Domain name seizure policies in the U.S. have to strike a balance between sidelining criminal activity on the Internet and impacting individuals’ right to freedom of speech, one attorney suggests.
According to Peter Crusco, an executive assistant district attorney for the Office of the Queens County District Attorney’s investigations division, the balancing of these factors is the key to resolving the digital deadlock that appears to have arisen following the proactive approach of the U.S. government’s Immigration and Customs Enforcement (ICE) agency.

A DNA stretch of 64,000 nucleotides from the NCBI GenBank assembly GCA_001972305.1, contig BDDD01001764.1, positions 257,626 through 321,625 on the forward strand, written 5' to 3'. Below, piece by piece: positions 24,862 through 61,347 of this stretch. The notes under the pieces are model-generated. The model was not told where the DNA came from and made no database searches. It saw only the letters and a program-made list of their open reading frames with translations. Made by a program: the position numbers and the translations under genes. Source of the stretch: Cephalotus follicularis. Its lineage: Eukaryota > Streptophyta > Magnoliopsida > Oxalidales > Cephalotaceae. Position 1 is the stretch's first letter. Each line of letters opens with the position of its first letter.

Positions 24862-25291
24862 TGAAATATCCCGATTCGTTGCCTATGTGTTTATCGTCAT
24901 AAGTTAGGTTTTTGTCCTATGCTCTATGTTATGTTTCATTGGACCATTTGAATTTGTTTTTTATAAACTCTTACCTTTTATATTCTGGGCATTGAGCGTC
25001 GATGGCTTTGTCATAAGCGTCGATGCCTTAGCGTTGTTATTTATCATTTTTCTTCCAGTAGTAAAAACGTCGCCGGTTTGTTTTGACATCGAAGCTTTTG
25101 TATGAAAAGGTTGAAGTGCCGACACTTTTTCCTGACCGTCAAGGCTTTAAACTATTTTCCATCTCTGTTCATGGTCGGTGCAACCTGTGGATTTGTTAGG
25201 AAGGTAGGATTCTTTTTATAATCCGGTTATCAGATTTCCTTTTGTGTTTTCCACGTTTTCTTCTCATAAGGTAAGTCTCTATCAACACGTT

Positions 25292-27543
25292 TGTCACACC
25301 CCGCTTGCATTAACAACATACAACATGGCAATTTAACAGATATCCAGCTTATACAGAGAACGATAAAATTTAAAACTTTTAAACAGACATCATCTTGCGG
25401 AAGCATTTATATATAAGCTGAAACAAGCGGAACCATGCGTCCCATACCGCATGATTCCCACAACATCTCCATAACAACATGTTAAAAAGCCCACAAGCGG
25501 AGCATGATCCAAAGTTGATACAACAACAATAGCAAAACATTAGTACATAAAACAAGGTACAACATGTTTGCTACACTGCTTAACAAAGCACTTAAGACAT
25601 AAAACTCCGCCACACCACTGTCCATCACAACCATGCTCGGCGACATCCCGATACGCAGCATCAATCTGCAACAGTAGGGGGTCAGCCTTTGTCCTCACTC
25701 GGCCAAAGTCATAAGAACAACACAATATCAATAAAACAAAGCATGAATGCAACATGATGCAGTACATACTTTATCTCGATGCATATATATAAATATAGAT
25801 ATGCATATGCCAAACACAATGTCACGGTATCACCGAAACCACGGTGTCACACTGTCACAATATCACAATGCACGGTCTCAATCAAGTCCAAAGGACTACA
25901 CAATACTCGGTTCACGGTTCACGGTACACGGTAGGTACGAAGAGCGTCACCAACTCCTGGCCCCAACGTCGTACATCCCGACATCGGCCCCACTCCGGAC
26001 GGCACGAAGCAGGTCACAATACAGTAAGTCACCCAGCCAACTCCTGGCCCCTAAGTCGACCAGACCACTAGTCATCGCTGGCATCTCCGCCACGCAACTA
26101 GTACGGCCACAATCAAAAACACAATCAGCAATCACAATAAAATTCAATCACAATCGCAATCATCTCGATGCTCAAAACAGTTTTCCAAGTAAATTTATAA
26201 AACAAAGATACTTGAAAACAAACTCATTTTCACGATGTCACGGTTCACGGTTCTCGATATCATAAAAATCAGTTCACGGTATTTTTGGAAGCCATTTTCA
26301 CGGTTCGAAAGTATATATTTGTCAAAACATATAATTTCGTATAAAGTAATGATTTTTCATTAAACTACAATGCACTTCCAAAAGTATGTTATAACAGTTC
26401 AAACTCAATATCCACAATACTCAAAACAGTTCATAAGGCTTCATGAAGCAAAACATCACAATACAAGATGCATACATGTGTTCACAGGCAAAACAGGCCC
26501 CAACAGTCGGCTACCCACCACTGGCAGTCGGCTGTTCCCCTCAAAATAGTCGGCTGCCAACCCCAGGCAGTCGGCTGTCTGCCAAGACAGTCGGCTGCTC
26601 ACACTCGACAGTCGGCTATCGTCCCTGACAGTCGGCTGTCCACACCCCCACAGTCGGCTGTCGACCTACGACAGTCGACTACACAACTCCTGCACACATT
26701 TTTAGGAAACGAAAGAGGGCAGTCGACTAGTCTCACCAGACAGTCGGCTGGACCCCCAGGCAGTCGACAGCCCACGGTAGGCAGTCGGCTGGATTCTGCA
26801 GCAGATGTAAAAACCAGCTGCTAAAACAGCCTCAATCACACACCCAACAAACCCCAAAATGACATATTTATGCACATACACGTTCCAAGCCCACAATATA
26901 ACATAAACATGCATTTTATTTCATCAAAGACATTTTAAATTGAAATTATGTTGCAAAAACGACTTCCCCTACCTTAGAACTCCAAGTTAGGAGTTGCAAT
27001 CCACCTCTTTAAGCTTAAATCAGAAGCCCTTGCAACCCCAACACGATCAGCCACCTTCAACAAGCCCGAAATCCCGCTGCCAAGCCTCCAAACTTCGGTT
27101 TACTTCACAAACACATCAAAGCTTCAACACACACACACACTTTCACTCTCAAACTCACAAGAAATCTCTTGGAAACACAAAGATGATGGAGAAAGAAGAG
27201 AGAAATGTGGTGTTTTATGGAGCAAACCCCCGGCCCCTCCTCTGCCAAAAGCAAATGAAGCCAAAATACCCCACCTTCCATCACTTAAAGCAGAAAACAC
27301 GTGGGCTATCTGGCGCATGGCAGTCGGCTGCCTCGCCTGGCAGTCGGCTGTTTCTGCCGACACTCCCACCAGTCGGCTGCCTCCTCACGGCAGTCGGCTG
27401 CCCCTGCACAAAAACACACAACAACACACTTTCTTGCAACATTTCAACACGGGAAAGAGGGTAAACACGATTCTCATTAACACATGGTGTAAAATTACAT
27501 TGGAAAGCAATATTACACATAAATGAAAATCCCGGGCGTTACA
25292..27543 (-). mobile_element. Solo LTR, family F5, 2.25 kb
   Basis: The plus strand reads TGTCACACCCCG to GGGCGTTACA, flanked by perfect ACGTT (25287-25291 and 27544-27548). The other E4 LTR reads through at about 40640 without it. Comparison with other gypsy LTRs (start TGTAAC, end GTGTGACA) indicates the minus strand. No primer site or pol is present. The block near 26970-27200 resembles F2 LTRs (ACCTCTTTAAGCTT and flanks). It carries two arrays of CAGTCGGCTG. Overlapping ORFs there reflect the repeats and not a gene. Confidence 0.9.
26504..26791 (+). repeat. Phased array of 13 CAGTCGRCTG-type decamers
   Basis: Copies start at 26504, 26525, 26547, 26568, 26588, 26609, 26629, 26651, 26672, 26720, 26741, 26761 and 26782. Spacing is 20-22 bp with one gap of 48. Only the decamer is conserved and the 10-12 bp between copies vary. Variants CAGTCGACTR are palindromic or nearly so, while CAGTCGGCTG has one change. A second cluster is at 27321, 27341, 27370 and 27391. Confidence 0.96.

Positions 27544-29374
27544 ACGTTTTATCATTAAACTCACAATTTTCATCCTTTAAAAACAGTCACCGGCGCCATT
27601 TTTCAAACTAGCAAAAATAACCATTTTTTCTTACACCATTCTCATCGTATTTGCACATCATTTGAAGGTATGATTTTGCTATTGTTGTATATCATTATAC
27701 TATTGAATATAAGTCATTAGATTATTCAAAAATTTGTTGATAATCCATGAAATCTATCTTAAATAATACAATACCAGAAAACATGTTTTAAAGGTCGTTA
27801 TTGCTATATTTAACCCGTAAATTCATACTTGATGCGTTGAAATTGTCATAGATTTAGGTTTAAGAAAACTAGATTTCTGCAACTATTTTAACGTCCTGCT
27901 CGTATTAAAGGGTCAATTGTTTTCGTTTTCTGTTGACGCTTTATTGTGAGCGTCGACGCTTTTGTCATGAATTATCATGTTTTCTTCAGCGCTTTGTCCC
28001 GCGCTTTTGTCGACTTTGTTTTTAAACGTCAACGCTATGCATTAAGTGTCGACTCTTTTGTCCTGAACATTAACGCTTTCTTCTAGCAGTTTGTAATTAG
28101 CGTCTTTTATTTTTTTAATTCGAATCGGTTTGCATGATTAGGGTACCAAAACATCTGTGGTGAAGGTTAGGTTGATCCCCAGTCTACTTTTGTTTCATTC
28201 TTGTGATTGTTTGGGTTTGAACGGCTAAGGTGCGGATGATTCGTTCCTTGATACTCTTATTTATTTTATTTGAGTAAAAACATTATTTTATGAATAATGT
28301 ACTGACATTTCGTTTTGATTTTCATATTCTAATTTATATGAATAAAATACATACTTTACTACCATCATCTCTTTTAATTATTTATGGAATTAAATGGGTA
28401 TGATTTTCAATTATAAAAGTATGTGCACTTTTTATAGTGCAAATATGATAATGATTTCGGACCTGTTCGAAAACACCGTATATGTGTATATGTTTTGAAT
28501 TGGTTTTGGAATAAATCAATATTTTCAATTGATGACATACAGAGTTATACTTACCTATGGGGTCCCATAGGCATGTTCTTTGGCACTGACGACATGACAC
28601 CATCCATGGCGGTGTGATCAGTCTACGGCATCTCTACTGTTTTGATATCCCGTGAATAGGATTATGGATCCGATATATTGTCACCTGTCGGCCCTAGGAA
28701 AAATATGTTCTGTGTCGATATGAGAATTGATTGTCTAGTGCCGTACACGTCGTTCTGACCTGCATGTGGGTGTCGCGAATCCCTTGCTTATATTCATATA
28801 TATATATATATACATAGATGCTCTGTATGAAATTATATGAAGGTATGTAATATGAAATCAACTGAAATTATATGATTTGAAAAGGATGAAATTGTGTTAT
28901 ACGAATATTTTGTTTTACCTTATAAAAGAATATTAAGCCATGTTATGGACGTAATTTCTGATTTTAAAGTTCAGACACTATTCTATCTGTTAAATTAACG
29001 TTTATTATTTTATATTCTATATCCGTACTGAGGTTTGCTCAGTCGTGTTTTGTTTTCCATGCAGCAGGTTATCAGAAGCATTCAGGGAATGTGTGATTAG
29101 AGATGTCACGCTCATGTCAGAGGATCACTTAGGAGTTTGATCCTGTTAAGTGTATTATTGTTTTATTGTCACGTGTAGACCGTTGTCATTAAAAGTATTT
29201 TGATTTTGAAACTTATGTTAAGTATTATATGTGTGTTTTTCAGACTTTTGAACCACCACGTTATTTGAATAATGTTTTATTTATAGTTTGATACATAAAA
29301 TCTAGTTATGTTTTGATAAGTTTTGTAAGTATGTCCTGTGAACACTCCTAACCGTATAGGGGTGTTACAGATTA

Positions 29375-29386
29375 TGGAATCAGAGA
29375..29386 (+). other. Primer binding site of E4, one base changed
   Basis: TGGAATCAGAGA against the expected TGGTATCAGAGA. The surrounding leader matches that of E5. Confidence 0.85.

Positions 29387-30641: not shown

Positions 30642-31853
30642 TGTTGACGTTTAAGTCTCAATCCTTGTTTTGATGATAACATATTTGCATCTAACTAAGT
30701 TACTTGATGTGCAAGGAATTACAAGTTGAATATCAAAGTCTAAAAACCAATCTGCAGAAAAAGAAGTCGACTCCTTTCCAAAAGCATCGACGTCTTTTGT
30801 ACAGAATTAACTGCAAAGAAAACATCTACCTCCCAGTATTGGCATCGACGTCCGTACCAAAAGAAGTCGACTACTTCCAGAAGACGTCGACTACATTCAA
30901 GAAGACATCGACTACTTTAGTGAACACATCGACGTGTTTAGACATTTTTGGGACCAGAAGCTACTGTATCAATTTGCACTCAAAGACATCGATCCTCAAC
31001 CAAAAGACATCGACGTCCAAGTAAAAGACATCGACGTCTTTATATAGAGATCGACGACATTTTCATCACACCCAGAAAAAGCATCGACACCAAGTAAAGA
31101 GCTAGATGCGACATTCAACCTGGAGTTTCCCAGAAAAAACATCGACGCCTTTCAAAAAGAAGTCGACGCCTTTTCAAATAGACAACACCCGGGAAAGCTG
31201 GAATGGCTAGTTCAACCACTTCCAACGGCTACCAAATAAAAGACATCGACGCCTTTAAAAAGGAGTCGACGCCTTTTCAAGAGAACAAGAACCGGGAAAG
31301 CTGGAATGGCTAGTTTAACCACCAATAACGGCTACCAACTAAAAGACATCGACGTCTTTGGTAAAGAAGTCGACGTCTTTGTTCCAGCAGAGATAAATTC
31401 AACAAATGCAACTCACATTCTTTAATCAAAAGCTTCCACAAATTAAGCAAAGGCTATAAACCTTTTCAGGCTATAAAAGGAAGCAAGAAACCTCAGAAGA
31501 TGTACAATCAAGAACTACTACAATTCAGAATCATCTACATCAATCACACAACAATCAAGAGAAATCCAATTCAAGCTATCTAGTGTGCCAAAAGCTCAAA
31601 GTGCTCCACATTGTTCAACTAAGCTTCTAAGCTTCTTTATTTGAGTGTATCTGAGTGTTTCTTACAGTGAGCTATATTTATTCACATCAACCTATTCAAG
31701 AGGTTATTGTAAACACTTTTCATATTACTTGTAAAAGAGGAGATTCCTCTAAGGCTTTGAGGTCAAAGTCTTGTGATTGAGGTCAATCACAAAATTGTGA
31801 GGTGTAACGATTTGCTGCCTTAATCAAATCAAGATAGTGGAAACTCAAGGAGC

Writing for Law.com, Mr. Crusco said legislators must also take into account other freedoms, such as the right to privacy, property and public safety.
“The appropriate response to rogue websites presents another challenging issue in this ever expanding arena,” Crusco wrote. “New cyberschemes require the creation and execution of appropriate enforcement methodologies.”
ICE has already been seizing domain names it suspects of being involved in criminal activity — a move that many Web freedom critics have condemned.